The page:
Symmetric Multi Processing or SMP isn't something typically associated with the computer gaming hobby. In business, SMP is used to speed up laborious data analysis and such, often with four or more parallel processors working together to complete the task quadruple-quick, but at home SMP has always been viewed as expensive and pointless. The question is whether or not this is all about to change. With the recent price drops seen in the CPU market, processors can be had for an all-time low, and SMP has been viewed as a possible winner for heavy computer users. For instance, current estimates suggest an AMD SMP motherboard will launch at this year's Computex in a couple of months' time, and with Athlons and Durons at unbelievably low prices, many will have to give the technology serious thought. In the here and the now, Intel processors are the only SMP-capable consumer CPUs. The Pentium III specifically, and that's where we're going to focus for today, since low-end Celeron 300s and Pentium IIs aren't going to push many frames together or alone. Current operating systems that support SMP are Windows 2000 and the many flavours of Linux. Exploring the latter would be very time-consuming and somewhat irrelevant for the majority of gamers, so we'll focus on Windows. Curiously, Windows Millenium shipped with SMP disabled, much to the annoyance of hobbyists. That said, its big brother is at such a stage that performance is almost in its favour in a lot of gaming benchmarks, so it's no great shakes.
First off we ought to explain how SMP works. The basic idea is, as you might expect, to share tasks between two CPUs running on the same system. The goal is to increase the amount of work that gets done for each cycle, but it's not quite as simple as handing instructions out like you're dealing cards. Processors are allocated tasks by the operating system, so the implementation of SMP at Microsoft's end is very important. Since the CPUs share main system memory, you can't simply run twice the amount of programs as you could with one CPU and expect them all to operate as though they were running on separate systems. Any given program is only allowed a certain amount of memory, just as you would expect, and allocation is down to the operating system. Many other factors in the computer setup can also tie things up. The short and the sweet of it is thus: it's not the same as buying a processor twice the speed of your current one. As this article is about to illustrate, it's far from it. The motherboard we used to perform our tests is the recent ABit VP6. Using a VIA chipset and with four DIMM slots, AGP, 5 PCI slots and onboard IDE RAID, it's one hell of a package, but just how useful is it to gamers? In order to find out, we coupled it with a pair of PIII 700E processors, running at 933MHz thanks to the overclocking features of the VP6, and conducted some tests. The results compare the board with one CPU to the board with two CPUs. With a single processor the VP6 functions very much as though it were a normal Pentium III system. Graphics were handled by the GeForce 3 to eliminate that as a bottleneck and the system had a healthy 256Mb of RAM to play with.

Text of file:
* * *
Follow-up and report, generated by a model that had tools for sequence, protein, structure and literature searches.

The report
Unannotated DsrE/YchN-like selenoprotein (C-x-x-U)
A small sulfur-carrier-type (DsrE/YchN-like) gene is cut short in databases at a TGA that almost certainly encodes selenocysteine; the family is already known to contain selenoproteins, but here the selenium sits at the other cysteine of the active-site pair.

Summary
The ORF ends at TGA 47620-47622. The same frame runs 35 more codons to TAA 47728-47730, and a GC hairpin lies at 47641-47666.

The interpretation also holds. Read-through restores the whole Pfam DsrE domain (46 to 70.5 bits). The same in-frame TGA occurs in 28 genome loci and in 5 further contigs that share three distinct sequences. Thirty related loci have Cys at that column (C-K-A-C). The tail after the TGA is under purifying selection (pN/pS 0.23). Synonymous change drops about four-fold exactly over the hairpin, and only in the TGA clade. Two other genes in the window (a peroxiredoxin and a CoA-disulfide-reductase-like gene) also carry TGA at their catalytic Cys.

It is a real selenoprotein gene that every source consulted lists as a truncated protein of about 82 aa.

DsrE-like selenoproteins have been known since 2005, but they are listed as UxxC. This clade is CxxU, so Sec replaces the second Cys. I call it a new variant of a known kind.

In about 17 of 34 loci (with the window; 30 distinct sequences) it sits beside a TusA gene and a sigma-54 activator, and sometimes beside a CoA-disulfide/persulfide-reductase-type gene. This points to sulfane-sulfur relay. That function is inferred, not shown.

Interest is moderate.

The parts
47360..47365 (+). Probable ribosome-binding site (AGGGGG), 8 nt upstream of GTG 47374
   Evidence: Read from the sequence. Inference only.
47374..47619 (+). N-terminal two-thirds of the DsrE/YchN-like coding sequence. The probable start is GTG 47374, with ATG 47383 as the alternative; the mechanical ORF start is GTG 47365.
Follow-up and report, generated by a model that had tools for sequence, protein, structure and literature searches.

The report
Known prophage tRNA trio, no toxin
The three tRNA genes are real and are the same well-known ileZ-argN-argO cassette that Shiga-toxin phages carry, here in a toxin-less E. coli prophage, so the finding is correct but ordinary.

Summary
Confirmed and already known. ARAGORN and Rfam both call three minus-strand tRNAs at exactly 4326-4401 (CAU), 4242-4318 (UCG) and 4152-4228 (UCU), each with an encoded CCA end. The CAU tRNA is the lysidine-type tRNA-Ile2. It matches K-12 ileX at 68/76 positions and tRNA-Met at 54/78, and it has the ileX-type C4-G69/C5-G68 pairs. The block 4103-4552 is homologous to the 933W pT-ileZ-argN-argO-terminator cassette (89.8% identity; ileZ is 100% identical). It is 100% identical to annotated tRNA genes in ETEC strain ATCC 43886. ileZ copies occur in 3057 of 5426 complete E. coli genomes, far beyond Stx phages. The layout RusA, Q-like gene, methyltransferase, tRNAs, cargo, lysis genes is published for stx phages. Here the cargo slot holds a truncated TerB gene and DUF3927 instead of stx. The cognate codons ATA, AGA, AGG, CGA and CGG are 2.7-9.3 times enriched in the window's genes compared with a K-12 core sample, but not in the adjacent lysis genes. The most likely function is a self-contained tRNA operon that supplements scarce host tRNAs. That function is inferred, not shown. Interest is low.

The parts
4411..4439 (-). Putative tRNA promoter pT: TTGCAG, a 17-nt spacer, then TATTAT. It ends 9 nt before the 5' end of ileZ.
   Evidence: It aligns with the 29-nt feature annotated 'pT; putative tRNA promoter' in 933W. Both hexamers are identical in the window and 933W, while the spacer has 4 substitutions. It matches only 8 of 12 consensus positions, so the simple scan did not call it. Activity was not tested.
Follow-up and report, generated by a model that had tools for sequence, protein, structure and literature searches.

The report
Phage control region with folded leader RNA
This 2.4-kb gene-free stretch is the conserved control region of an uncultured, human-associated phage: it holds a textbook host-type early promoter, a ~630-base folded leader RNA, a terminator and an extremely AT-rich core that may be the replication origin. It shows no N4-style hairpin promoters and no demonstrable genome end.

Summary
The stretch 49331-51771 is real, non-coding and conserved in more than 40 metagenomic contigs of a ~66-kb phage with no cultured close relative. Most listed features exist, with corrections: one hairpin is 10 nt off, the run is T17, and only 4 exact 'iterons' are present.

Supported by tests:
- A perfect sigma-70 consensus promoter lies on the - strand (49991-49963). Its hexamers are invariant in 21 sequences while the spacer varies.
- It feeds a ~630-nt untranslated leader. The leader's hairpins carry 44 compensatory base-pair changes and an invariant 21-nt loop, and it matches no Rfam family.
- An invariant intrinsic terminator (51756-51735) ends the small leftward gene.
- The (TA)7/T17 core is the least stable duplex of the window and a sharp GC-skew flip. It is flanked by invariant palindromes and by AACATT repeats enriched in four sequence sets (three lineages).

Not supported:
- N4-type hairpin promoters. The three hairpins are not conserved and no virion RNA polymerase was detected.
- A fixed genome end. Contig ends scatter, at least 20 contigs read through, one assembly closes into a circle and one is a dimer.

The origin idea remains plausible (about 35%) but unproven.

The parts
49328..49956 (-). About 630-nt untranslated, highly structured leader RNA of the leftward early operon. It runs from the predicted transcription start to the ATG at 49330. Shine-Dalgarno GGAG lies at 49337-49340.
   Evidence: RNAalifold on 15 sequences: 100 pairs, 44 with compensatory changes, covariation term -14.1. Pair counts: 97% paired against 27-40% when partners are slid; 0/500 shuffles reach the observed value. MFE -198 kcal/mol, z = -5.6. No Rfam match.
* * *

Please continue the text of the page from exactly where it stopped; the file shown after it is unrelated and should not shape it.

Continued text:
Quake III actually has the ability to take advantage of SMP, although it's the only game we know of that can. By using a simple console command you can instruct the game to share processes out to both CPUs.
The results are… pitiful. A few frames per second in the dual CPU setup's favour on both occasions, with no obvious bottleneck in the system. How about a quick run through 3D Mark then? Well we tried this, and the results were nigh on identical. Even closer than the Quake III results, leading us to conclude that SMP is either unsupported or that 3D Mark only uses one thread. The FAQ on the subject at MadOnion.com confirmed our suspicions. So does 3D Mark support SMP, it asks? "Yes and no. 3DMark benchmark mode runs in one thread only, and does not utilize both processors in the system. There are very few games that use multiprocessing due to the difficult nature of breaking down the graphics pipeline to two threads. The demo mode plays the music in it's own thread, and therefore probably uses the second processor if available."
So at this point you could quite rightly be wondering, just where does SMP have a use in the home? Well thanks to Windows 2000, you can actually assign various threads (programs) to individual CPUs. This is what many server operators choose to do with their multiprocessing systems. In practical terms this might allow gamers to do two things at once - perhaps rip some MP3s from a new CD whilst having a quick round of Counter-Strike, but in reality, many people have the time to deal with one thing at a time, and would rather have their whole system dedicated to the task of playing a game than just "half of it". Ultimately then, SMP is a bit of a non-starter for gamers. It's a chicken and egg situation - programmers see no need to optimise games for SMP when nobody will be able to take advantage of it, and games don't use SMP because there is barely anything to take advantage of, and what there is performs terribly. If you want a quick trick for a gaming system, buy a new Athlon 1.33GHz system - you end up spending less anyway!